Conducted by the French conductor Laurence Equilbey, Insula orchestra performs Wolfgang Amadeus Mozart’s Great Mass in C minor (German: Große Messe in c-Moll), K. 427/417a. Soloists: Julie Fuchs (soprano), Ann Hallenberg (mezzo-soprano), Benjamin Hulett (tenor), Markus Werba (baritone). Recorded at the Grande Chapelle du Séminaire Saint-Sulpice.
With the Requiem Mass, which was left unfinished at the Austrian composer’s death, the Great Mass is one of the last two musical settings of the mass by Mozart and also left unfinished. He composed it in Vienna in 1782 and 1783, when he was no longer a church musician of the Salzburg Cathedral. The first performance took place in Salzburg on 26 October 1783.
- Kyrie: chorus and soprano
- Gloria in excelsis Deo: chorus
- Laudamus te: soprano
- Gratias agimus tibi; chorus
- Domine Deus: sopranos I and II
- Qui tollis: double choir
- Quoniam tu solus: sopranos I and II
- Jesu Christe: chorus
- C. Sancto Spiritu: chorus
- Credo in unum Deum: chorus
- Et incarnatus est: soprano I
- Sanctus: double choir
- Benedictus qui venit: quartet and double chorus
The work is incomplete, missing all of the Credo following the aria “Et incarnatus est” (the orchestration of the Credo is also incomplete) and all of the Agnus Dei. The Sanctus is partially lost and requires editorial reconstruction. There is a good deal of speculation concerning why the work was left unfinished. Given the absolute necessity of a complete text for liturgical use, it is likely that Mozart spliced in movements from his earlier masses for the premiere, although Richard Maunder has noted that the surviving parts (including an organ part) contain only the completed movements. For purposes of modern performances, the editions and completions available are those by H. C. Robbins Landon (Eulenburg), Helmut Eder (Bärenreiter), Richard Maunder (Oxford University Press), Philip Wilby (Novello), Robert Levin (Carus-Verlag) and Benjamin-Gunnar Cohrs (Musikproduktion Höflich). Robert Xavier Rodriguez has also completed the Agnus Dei.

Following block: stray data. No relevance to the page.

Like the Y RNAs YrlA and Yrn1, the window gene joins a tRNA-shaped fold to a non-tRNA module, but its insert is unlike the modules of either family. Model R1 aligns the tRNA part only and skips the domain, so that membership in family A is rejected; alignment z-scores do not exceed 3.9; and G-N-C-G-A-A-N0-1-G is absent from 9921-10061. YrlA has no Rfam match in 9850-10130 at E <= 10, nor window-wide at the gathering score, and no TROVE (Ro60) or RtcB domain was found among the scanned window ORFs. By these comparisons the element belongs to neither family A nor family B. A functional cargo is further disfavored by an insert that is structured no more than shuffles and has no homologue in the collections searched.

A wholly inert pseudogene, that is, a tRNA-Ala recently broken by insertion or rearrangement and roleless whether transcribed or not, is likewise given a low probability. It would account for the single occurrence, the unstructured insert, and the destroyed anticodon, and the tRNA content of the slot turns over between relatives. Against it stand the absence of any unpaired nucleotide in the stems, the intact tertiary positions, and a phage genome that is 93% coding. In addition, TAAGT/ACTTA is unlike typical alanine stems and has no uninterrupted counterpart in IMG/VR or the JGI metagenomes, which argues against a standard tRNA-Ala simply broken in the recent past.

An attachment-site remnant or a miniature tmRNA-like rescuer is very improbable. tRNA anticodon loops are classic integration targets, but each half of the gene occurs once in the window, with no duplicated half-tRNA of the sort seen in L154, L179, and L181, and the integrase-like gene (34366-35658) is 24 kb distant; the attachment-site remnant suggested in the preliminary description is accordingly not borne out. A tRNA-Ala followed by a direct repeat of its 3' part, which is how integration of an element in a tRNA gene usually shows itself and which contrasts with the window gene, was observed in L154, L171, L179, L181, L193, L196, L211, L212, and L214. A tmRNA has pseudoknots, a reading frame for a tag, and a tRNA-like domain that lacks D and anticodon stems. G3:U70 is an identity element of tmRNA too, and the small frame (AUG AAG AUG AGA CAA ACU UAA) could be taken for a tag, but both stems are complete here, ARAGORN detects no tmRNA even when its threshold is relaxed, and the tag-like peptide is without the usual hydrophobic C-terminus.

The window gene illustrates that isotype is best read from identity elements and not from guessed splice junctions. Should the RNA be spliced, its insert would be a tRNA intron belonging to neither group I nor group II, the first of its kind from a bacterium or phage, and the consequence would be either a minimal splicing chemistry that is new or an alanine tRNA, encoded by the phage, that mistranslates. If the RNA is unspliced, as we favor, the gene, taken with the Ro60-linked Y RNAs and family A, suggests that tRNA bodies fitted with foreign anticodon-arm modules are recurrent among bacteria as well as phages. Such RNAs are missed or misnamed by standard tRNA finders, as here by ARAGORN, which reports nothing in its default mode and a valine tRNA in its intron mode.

Mozart later reused the music from the Kyrie and Gloria, almost without changes except for the text, in the cantata Davidde penitente, K. 469.
Steve Schwartz gives three possible explanations of why the work left unfinished:
“First, Mozart made his living through music. Nobody commissioned the mass, nor did Mozart then have a job that required him to write one. He needed to bring in money, and the mass fell by the wayside. The easiest promises to break are the ones you make to yourself.
On the other hand, Mozart’s first-born, Raimund Leopold, had died in infancy. It may well have been that Mozart began to associate the mass, conceived as a celebration of his marriage, with his dead son and thus lost the drive to finish it.
Third, the mass represents a super-human leap in the capacity of Mozart’s style. Someone once defined two kinds of genius: the person who is like us, only ten times better; the person whom nobody could predict. In the mass, Mozart becomes the second – in effect, a magician. Every movement is conceived at a level both beyond and in essence, in terms not only of the sacred music of the day but also of Mozart’s previous output. Haydn, no slouch himself and out of his magnificence of character, called Mozart the greatest musician he knew, and you can see what he means. Perhaps, however, Mozart could think of nothing up to what he had already written. It’s as if, after levitating, he resorted to the old wheeze of pulling a quarter out of your ear. I don’t really believe in Mozart’s lack, but the loss of inspiration in the middle of a large work happens more frequently than you might suspect. At any rate, it’s a possibility.”